Report from the Legislature – December 09, 2021

A successful Fall Sitting of the Legislature has concluded; significant progress was made on the goals outlined in the Speech from the Throne. As we plan for the future, we look to make Saskatchewan stronger, safer, healthier, better educated, and more independent.

A stronger Saskatchewan will be built on a strong economy. Already, Saskatchewan is forecast to lead the country in economic growth in 2022, and our labour force has recovered to 99 per cent of its pre-pandemic levels. Saskatchewan’s unemployment rate is the third-lowest in the country, and we are forecasted to see a total of nearly 16,000 new jobs by the end of the fiscal year.

This year saw nearly $10 billion in capital investments supporting major projects throughout Saskatchewan. To ensure our workforce is skilled and ready for employment, we continue to invest in skills training programs like the Saskatchewan Apprenticeship and Trade Certification Commission. A new pilot program under the Saskatchewan Immigrant Nominee Program was launched to address hard-to-fill positions.

Our government is addressing the need for affordable child care to support working families. A partnership with the federal government will see more than 600 new regulated child care centre spaces allocated in 20 communities across the province. This is the first step toward delivering on our commitment to increasing the number of regulated child care spaces by 6,000 in 2021-2022 and by 28,000 over the next five years.

This session, we took significant actions to address the crime rates in rural communities. We brought forth initiatives to make real changes to address policing and public safety gaps in our rural communities. These include a new Provincial Protective Service unit, strengthening law enforcement’s ability to deal with outstanding warrants, transporting illegal firearms, human trafficking, and the seizure of criminal property. We want criminals to know if they commit a crime, they will be caught.

In a significant moment in Saskatchewan history, members from both parties unanimously adopted a motion to amend the Saskatchewan Act and the Constitution of Canada. Section 24 is a relic from a time when our province was not treated as an equal partner in Confederation. It is unfair that decisions were made in 1880 that provided CP Rail with substantial tax exemptions in Saskatchewan. Removing the section will level the playing field for all businesses while supporting Saskatchewan’s autonomy.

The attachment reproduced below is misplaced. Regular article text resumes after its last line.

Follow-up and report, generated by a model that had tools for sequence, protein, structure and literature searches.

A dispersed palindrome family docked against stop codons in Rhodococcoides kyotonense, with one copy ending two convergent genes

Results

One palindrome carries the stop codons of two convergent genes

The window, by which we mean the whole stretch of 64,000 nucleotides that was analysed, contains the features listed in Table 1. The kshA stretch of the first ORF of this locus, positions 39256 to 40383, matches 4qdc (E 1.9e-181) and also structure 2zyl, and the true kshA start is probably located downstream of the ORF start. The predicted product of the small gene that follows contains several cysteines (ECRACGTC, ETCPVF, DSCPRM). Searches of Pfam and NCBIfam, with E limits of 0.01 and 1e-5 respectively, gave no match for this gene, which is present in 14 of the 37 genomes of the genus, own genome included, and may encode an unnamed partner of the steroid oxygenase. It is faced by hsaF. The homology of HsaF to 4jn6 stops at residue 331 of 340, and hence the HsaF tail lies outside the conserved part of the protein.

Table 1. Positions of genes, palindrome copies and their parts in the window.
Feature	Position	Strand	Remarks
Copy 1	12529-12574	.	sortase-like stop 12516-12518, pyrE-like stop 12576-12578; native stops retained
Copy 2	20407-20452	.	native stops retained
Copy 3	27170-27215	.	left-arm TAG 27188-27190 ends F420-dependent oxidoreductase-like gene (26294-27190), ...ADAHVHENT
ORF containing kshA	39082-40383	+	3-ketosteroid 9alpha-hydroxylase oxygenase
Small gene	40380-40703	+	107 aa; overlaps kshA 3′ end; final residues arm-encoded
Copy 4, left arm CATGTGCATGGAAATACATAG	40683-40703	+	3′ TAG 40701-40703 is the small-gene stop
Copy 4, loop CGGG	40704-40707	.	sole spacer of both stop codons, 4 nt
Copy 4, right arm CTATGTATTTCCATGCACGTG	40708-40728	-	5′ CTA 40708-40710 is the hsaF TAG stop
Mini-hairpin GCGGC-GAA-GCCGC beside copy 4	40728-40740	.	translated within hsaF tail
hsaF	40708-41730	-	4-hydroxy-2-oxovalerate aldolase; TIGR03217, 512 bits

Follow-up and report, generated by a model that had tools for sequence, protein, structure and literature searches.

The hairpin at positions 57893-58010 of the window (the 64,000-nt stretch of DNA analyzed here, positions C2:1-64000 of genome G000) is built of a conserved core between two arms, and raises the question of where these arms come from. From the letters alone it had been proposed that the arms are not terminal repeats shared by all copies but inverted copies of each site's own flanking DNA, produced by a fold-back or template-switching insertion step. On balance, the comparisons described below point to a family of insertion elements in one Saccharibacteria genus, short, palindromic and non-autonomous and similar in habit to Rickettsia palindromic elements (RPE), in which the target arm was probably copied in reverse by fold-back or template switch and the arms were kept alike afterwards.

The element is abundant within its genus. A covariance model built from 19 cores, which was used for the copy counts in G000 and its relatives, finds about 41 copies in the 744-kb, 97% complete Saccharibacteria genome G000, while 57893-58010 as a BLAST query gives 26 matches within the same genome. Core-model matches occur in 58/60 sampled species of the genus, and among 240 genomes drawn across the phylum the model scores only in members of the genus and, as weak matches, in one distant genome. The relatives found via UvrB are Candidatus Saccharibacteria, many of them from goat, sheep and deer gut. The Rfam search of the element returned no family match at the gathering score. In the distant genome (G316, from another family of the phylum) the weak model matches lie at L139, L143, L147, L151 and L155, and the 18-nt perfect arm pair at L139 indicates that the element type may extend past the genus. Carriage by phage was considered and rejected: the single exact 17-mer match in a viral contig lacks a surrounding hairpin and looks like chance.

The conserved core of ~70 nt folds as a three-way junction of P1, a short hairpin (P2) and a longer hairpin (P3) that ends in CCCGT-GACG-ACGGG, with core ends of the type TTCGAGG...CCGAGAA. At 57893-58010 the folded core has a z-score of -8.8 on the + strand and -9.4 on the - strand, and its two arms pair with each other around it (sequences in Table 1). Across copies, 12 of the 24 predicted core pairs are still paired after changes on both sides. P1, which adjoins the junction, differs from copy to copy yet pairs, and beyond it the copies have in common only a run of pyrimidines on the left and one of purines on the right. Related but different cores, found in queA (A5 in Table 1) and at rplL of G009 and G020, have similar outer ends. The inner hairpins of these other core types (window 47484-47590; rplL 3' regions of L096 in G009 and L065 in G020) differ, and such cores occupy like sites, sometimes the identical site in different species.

As we move into the New Year, our government’s commitment to build a healthier Saskatchewan means taking action to address the surgical backlog COVID-19 caused. We will also have short-term and longer-term targets to expand intensive care capacity. 

Our goal is to achieve a three-month surgical wait time by 2030; our initiative will see an additional 7,000 surgeries in 2022-23 over pre-pandemic levels. There will be an emphasis on surgical procedures with higher numbers of long-waiting patients, including hip and knee replacements, ear/nose/throat, dental and general surgeries.   

We will expand permanent ICU beds from 79 to 90 by June 2022. This is the first step to achieving 110 ICU beds in the province, better preparing for surges in ICU demand, and ensuring access to services. The Saskatchewan Health Authority and the Ministry of Health are developing a long-term plan to achieve these targets while ensuring the right mix of critical care services across the province.

The new decade did not start in a way that anyone was expecting. The past twenty months have been stressful for everyone. But, Saskatchewan’s greatest strength is its people, and now, more than ever, it’s important to take the time to listen to one another. Our brightest days are ahead of us, and we can have confidence that the 2020s will be Saskatchewan’s decade.